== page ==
D-Mer syndrome can make you feel sad while breastfeeding, but here's how to tell if it'll come back ...

Here’s When It’s Safe To Bend Over After A C-Section

It's going to take some time before you can touch your toes again.

There are so many little things in life that you take for granted until you become pregnant, like being able to sleep on your stomach, tying your shoes, seeing your feet... Unfortunately, some of those issues — like being able to bend — still pose a problem even when you’re postpartum, and even more so if you’ve had a cesarean section. So if you drop something on the floor and woefully wonder when you can start bending after a C-section, be prepared to wait a while.

Why is bending over after a C-section so critical?

Bending is a big deal after you’ve had a C-section. Why? A C-section is the delivery of your baby through an abdominal incision (otherwise known as a laparotomy), as well as an incision in your uterus. Although a C-section is the most common surgery performed in the United States, (per a PubMed study), it doesn’t come without its fair share of recovery issues, one being bending. In fact, researchers from another study found that one of the main concerns of women who had a C-section was being able to bend.

So when is it safe to bend over after a C-section?

You don’t realize how much bending you do on a daily basis until, welp, you can’t reach past your hips. Knowing when it’s safe to do after a big abdominal surgery is important not just for your own safety, but that of your baby — in case you’re picking up or carrying your little one. “The typical recommendation is two weeks to bend at the waist,” Dr. David M. Kimble, M.D., a board-certified urogynecologist at The Kimble Center explains to Romper. ”But this could be much longer for women experiencing delayed healing or if this is her second C-section.”

Why is bending unsafe after a C-section?

During the first days, maybe even weeks, of the postpartum period, bending over after a C-section isn’t even really possible due to the pain, Dr. Cheruba Prabakar, M.D., a board-certified OB-GYN tells Romper. “Due to the pain, you can’t really get out of bed for at least a couple of days after a C-section,” she says. And then, she points out, there’s the issue of being steady (and safe) on your own feet after the surgery. “Since you’re coming out of anesthesia, it’s important to ensure that you don’t feel lightheaded.”

But once you’re feeling a bit better, take it slowly if you try to bend. “The concern with bending is potential strain on the incision and separation of the skin closure and possibly the internal closure,” explains Kimble. “If the internal closure separates, then a hernia can occur.”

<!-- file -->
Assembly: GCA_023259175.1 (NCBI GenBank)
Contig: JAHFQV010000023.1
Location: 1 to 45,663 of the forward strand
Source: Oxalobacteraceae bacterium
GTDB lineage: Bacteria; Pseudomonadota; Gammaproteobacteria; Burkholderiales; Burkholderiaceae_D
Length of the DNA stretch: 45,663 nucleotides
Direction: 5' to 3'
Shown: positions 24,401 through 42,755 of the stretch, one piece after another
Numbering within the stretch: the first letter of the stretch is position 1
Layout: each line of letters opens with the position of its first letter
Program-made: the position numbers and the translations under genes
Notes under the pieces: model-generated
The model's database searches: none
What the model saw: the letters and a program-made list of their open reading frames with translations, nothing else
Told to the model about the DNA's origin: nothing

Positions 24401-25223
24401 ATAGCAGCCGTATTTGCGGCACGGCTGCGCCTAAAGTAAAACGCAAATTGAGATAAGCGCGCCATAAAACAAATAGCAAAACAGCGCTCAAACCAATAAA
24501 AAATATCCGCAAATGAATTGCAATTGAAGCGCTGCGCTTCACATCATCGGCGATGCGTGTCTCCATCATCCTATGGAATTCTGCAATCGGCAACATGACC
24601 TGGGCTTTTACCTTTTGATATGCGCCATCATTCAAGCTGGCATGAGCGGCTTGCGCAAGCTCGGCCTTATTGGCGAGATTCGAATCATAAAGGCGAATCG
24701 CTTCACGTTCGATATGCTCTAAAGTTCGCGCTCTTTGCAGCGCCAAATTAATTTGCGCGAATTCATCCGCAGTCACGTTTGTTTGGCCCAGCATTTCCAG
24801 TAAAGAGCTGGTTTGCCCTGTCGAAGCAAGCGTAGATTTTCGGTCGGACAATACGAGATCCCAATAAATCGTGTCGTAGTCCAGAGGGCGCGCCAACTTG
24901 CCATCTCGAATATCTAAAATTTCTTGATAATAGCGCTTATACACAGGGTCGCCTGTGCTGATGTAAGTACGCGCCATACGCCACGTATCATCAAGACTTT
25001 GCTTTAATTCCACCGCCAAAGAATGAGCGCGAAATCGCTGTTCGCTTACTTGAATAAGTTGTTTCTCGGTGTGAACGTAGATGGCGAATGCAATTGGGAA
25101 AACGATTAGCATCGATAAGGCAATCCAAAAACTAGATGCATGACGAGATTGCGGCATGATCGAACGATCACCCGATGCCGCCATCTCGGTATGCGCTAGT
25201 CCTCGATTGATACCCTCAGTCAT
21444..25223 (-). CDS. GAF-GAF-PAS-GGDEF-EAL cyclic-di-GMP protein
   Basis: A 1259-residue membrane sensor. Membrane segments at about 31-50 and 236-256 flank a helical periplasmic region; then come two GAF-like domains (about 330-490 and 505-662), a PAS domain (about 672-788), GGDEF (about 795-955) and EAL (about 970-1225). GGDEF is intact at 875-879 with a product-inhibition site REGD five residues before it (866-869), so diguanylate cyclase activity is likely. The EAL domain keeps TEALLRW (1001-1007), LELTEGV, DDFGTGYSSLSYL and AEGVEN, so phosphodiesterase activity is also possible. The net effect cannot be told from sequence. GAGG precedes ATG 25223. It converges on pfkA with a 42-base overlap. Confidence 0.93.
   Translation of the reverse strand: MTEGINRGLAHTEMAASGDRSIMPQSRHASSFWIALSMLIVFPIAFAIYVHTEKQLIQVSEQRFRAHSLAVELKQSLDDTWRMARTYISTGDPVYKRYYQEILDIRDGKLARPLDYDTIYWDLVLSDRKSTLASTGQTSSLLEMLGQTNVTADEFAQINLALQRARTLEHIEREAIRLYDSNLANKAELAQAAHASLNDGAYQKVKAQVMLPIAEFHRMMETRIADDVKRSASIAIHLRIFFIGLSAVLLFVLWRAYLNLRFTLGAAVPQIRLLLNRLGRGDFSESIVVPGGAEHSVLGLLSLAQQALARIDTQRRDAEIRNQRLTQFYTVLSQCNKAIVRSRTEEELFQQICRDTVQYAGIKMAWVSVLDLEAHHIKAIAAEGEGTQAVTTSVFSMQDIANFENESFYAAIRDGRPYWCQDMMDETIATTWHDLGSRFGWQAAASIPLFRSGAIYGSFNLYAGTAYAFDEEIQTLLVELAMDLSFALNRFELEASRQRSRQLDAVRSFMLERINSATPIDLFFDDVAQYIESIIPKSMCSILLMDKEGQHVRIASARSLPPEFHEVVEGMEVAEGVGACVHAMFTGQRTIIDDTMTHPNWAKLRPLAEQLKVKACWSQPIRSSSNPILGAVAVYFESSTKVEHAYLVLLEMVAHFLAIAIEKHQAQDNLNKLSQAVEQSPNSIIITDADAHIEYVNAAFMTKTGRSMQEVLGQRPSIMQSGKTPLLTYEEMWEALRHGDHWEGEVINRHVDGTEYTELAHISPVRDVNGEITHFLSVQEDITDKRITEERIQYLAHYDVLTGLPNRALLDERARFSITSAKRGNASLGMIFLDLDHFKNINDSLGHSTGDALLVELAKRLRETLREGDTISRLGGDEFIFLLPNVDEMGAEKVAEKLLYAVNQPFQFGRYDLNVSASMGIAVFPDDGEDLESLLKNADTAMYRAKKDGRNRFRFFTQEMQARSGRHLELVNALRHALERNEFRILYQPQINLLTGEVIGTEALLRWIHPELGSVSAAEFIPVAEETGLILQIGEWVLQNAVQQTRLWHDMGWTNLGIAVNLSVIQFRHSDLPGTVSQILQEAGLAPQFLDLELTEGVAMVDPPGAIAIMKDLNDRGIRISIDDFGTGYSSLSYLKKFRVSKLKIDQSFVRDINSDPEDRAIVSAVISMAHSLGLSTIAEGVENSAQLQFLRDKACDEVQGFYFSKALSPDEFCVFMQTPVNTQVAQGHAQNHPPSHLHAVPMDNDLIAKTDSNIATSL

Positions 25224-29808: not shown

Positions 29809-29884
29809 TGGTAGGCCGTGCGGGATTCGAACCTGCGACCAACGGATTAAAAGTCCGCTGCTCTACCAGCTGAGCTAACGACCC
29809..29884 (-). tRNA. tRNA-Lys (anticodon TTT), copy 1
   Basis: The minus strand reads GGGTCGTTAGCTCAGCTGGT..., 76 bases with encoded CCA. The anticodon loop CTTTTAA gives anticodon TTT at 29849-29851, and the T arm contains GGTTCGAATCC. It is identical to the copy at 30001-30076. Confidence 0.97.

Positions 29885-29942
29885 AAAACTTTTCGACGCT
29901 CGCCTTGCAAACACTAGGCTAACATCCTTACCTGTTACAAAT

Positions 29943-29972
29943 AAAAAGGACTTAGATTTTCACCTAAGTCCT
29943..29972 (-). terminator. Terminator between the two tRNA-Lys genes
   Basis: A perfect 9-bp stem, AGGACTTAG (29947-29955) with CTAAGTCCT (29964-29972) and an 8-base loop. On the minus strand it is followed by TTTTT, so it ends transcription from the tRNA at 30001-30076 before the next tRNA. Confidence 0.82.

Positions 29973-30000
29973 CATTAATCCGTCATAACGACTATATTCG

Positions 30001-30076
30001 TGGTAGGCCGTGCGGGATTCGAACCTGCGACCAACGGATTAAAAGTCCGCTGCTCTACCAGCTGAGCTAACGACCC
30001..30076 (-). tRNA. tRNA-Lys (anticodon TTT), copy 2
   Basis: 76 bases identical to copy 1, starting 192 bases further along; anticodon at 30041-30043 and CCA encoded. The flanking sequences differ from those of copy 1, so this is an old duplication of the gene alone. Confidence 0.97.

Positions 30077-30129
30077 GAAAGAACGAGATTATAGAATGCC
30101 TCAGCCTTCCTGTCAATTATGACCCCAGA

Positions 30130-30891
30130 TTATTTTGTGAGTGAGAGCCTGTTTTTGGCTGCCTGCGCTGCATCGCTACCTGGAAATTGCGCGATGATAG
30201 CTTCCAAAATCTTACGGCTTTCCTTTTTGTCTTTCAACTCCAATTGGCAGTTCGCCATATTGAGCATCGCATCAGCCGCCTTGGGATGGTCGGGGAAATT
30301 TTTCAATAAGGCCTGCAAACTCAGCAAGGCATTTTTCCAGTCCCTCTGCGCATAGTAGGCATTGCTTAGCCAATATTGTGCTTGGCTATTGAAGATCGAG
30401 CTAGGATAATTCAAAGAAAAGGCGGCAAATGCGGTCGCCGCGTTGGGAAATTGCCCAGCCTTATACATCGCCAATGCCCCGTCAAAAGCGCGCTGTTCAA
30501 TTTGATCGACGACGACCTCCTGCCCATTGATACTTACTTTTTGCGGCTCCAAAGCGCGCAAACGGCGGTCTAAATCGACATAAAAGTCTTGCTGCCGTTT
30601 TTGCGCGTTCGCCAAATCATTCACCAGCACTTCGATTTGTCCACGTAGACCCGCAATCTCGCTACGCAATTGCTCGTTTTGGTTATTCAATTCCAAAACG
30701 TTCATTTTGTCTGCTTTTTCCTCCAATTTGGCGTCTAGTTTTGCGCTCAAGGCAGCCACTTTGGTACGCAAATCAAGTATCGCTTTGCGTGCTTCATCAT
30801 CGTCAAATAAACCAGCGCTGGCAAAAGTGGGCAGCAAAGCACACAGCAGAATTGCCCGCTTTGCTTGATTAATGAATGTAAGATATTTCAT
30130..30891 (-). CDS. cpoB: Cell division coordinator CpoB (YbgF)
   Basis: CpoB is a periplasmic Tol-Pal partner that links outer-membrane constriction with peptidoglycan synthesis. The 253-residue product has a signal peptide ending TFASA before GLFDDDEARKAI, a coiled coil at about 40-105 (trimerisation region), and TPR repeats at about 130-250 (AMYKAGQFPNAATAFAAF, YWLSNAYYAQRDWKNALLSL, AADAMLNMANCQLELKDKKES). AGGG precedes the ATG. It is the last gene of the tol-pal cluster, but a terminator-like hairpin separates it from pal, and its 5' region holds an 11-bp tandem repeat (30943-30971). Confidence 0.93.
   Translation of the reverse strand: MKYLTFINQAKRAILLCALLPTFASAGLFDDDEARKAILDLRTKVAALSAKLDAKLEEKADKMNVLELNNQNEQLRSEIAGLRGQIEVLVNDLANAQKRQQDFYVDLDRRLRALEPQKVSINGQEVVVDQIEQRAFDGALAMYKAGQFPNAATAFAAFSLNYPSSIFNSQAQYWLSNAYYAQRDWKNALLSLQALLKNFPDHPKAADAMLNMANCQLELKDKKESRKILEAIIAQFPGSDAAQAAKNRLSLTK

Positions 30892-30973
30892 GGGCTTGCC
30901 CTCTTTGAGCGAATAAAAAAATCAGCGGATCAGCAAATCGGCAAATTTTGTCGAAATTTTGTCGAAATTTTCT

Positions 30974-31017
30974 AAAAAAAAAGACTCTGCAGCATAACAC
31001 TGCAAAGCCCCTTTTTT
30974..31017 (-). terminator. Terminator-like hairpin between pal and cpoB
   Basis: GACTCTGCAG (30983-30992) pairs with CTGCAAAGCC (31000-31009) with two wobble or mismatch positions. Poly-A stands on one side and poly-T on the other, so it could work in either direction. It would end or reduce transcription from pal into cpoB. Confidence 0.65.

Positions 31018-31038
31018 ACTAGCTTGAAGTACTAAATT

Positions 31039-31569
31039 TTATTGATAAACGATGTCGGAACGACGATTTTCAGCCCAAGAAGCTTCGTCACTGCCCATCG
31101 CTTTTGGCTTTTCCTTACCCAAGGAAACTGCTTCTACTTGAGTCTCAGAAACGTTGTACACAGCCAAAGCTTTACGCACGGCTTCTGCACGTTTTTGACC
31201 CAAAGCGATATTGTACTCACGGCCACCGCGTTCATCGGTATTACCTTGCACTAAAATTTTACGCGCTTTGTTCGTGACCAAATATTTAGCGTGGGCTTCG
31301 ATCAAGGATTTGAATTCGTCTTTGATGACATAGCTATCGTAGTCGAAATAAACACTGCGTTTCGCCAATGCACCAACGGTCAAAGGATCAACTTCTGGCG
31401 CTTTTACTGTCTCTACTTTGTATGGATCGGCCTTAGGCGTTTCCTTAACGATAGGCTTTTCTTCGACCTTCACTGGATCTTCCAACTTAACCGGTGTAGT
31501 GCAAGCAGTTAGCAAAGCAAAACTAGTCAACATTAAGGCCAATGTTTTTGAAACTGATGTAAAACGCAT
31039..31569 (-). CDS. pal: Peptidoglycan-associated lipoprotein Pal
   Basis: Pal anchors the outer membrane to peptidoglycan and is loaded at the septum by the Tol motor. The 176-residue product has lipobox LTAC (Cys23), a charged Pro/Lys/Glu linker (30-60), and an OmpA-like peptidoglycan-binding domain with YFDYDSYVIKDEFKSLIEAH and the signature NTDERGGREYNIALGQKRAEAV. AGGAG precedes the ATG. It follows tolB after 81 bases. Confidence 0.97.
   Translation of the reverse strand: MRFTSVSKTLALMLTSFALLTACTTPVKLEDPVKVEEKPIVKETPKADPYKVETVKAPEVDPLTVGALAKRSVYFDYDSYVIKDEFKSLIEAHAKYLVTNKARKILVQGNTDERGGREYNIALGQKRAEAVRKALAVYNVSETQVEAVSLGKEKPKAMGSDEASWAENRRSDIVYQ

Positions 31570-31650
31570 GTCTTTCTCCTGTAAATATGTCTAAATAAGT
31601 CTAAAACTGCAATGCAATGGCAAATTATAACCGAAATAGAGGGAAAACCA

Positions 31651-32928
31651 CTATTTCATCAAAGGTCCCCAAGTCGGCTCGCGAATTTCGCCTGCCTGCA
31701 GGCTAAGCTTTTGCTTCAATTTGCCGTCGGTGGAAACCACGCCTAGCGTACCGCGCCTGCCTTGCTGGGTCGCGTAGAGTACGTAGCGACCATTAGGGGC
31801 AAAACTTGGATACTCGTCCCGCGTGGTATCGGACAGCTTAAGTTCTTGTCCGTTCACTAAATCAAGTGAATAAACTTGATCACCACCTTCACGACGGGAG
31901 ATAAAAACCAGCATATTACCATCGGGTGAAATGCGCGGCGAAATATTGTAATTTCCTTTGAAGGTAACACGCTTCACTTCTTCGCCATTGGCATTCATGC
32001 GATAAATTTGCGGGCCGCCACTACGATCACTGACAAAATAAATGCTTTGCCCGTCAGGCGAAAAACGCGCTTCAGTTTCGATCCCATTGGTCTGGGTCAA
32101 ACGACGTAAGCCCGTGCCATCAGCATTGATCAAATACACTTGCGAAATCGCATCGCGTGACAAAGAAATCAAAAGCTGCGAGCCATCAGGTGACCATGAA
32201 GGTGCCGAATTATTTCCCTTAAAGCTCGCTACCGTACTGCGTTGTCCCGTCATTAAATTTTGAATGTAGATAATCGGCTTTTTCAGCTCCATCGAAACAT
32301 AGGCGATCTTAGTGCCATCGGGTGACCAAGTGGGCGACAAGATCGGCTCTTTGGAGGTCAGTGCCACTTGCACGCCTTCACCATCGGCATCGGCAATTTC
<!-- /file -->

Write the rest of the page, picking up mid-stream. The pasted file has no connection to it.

it can take longer to bend over after a c section if you're note healing propetly

What should new moms do if they need to bend and can’t?

You’ll be surprised at how creative you can become if you need to bend over but are still in pain. “It’s always best to lower yourself down first at the knees,” advises Prabakar. “It’s a good idea to get straight to the level of what you need to pick up, and then try to bend a little, instead of bending at the waist.” You can always look for something to steady yourself with (like a chair) to help alleviate the burden of bending. Using your arms as a boost can also help you, particularly if you’re getting in or out of a chair.

And don’t worry if you’re unsure if you can bend or not. Your body will definitely let you know if you’re up for bending. “The primary sign is pain when attempting to bend,” says Kimble. “Other signs would include any drainage from the incision, swelling at the incision, or any bleeding.” If you’re in bed and need to sit up, try rolling onto your side first and then slowly get up. You can always ask your partner or family member to help you with tasks that require bending.

When should postpartum moms be concerned about bending after a C-section?

Although you should be able to safely bend after a C-section, there might be signs that something needs medical attention. “If you’re in a lot of pain, feeling dizzy, or are having bleeding through the bandage, you should speak to your doctor right away,” says Prabakar. Kimble agrees, adding, “If the demands of life force a new mom to bend, continued pain at the incision would be cause for concern. Other signs there might be a problem would be drainage from the incision, and visible skin separation.”

Bending over after a C-section isn’t something that you’re going to automatically be able to do. And that can be tough, especially when you have a newborn who’s going to be in and out of their crib constantly. So be sure to leave on friends and family to help you through those first few days and weeks after surgery, and soon, you’ll be able to bend it like Beckham.

Studies referenced:

Sung, S., Mahdy, H. “Cesarean Section” 2021.

Miovech, S., Knapp, H., Borucki, L., Roncoli, M., Arnold, L., Brooten, D. “Major Concerns of Women After Cesarean Delivery” 1994.


Dr. David M. Kimble, M.D., a board-certified urogynecologist at The Kimble Center

Dr. Cheruba Prabakar, M.D., a board-certified OB-GYN